What a surprising discovery it has been to learn that responsibly managing our time, resources and potential actually grows our spiritual life (and every other area of life) beyond imagination. There’s simply nothing spiritual or healthy about pandering after the fleeting approval of fickle people (or the side serving of resentment we get as a result).

Come to find out…

  • Sleeping enough hours and taking time off isn’t lazy. It’s a public service. We are far less cranky and more productive when our input and output are well-balanced.

  • It is possible to be kind - even loving - to people who hurt or drain us, without allowing them full access to our life, time, trust, or self-esteem. It is not easy, but necessary for creating an atmosphere that isn’t destructive to our souls (and theirs).

  • Pleasing people is very different from loving people. Most of the stuff stealing our time, money and energy wasn’t eternal or lasting, it was about appeasing fickle people in the short term, which is very different from deepening our roots and drawing from the Eternal Source of Love.

  • Reserving significant space for soul-nourishing relationships isn’t frivolous or selfish. It’s sacred. I’m unproductive and ill-tempered when I am not spending enough time with the people who know me, ground me and challenge me.

  • Until we improve the atmosphere in our own brain-space, there will not be significant change in our home, community or world. (Again, would’ve loved one of those magical unicorns, but we aren’t going to get one. It’s on us, friends.)

Creating an atmosphere of love in our lives is a long game. And we’ll never get it perfectly right. But the point isn’t perfection, it’s the direction we’re moving and the intentionality with which we are living.

It’s a little like refurbishing a fixer upper — because aren’t we all kind of fixer uppers? We get a few years on us and realize that the things we’ve not attended to have piled up a bit. We might start with damage control - the big gaping holes and leaks that will only get worse as long as we ignore them.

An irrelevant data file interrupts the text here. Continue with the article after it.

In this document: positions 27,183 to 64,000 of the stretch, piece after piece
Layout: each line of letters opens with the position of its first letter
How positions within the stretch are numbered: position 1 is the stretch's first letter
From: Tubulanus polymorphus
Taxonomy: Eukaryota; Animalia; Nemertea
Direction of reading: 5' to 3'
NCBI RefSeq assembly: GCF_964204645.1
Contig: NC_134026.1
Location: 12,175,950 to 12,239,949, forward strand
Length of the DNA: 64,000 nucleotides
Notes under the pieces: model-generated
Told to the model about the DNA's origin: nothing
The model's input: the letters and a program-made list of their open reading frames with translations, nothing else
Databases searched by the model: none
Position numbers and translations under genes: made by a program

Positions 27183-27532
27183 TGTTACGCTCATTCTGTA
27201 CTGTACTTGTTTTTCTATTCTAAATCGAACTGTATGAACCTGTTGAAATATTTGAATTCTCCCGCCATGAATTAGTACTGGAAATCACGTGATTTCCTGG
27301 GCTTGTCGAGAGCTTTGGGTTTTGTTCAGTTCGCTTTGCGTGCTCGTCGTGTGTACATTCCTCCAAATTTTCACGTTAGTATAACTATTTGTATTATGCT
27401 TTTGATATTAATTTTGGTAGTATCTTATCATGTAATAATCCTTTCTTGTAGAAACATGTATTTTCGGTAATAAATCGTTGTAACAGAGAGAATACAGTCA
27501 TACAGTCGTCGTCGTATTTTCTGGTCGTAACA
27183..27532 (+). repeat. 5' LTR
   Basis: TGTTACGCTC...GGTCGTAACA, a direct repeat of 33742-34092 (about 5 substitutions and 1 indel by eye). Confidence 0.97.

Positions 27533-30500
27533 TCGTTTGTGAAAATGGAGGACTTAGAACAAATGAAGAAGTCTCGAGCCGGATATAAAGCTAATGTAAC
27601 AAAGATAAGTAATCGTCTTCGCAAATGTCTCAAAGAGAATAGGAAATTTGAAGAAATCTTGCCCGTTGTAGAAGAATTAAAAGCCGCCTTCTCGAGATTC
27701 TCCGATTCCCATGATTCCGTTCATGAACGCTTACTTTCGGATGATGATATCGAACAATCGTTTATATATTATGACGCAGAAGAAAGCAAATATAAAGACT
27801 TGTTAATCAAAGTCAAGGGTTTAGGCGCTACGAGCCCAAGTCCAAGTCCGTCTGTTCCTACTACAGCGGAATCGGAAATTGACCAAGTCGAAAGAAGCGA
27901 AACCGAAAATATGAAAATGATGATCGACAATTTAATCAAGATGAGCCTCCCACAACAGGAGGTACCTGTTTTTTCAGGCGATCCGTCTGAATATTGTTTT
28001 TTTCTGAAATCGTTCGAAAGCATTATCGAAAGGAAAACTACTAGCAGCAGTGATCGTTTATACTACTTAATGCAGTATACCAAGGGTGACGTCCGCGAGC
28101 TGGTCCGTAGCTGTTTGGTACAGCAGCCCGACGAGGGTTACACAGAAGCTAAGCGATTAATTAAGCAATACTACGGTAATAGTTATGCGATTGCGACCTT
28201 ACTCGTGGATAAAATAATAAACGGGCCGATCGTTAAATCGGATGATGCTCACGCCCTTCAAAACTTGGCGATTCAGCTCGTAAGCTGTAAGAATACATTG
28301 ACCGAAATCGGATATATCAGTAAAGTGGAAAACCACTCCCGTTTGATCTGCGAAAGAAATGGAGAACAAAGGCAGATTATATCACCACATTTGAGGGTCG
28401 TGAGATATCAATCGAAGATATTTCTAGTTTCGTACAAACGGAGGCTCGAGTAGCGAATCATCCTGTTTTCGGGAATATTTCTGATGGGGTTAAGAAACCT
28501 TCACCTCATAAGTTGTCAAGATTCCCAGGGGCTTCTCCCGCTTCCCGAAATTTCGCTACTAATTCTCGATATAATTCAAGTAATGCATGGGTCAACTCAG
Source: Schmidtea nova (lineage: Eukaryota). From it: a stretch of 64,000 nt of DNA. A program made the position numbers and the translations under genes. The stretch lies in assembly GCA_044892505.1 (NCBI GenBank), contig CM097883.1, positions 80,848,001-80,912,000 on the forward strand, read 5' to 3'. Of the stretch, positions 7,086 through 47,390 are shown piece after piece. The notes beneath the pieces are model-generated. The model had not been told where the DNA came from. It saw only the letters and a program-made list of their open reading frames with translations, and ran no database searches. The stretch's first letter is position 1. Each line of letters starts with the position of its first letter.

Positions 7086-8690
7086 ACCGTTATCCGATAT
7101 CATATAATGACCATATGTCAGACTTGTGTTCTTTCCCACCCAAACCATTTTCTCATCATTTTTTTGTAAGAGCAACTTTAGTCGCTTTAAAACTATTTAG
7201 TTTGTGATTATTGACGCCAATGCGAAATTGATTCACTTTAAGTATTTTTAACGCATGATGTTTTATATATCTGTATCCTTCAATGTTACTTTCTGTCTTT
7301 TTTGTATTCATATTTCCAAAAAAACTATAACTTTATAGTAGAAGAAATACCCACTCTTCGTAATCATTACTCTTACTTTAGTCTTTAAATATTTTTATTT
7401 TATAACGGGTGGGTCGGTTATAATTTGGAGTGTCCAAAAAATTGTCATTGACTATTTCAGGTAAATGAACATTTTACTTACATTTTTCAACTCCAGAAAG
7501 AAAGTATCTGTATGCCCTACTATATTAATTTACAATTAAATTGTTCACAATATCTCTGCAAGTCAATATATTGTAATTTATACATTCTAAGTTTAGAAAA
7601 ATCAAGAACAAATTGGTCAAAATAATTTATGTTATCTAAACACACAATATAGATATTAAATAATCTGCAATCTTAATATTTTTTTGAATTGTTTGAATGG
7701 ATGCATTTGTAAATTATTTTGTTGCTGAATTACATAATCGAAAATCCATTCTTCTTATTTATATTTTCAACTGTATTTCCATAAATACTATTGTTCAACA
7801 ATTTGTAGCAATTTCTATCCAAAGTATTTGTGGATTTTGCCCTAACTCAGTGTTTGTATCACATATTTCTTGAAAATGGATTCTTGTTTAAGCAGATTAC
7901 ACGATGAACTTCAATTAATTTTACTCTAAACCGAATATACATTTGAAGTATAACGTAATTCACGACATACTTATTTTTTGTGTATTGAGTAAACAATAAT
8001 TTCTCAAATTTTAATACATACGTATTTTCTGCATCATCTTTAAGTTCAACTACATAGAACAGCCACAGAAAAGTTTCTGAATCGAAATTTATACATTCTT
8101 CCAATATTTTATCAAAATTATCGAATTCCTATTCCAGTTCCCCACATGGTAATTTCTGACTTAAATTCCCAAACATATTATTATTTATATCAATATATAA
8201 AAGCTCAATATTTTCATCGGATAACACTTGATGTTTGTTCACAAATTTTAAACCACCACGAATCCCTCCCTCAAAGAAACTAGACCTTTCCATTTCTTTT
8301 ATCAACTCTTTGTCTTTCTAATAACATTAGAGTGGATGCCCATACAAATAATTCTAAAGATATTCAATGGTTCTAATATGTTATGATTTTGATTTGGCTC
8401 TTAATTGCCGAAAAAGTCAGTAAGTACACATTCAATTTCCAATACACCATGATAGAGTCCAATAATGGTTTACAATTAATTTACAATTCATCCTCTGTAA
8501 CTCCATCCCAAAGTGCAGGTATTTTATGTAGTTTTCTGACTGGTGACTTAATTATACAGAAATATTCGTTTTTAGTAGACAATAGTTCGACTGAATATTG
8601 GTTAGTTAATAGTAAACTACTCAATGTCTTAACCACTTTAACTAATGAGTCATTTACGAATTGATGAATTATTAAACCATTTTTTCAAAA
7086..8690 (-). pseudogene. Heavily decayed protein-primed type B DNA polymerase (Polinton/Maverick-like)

When we experience how much better it feels to attend to those things, we wonder how much better this place might get if we kept going. So we rebuild a structure or tear out one that no longer belongs, and we fix that squeaky hinge, and, if necessary, rework the wiring on the main floor.

Sometimes - lots of times - we need a hand and have to ask for help. Until, one area at a time, our world feels more livable. The light hits that one corner just right and we like how it feels, and that brings a glimmer of hope. So we keep going.

Slowly there comes a point where there is, finally, more beauty than destruction… more depth than angst… probably some breathtaking moments in between all the ordinary ones. And, while the work may never be fully done, it gets easier to be here.

We’re headed on vacation soon and we typically devote a little time during our days away to talk about anything that isn’t working and how we might better handle those things. Then, when we get back home, we continue to pursue the kind of atmosphere in our corner of the world that we would like to see grow.

That’s what this week’s Love Better Minute is about, which you can view here.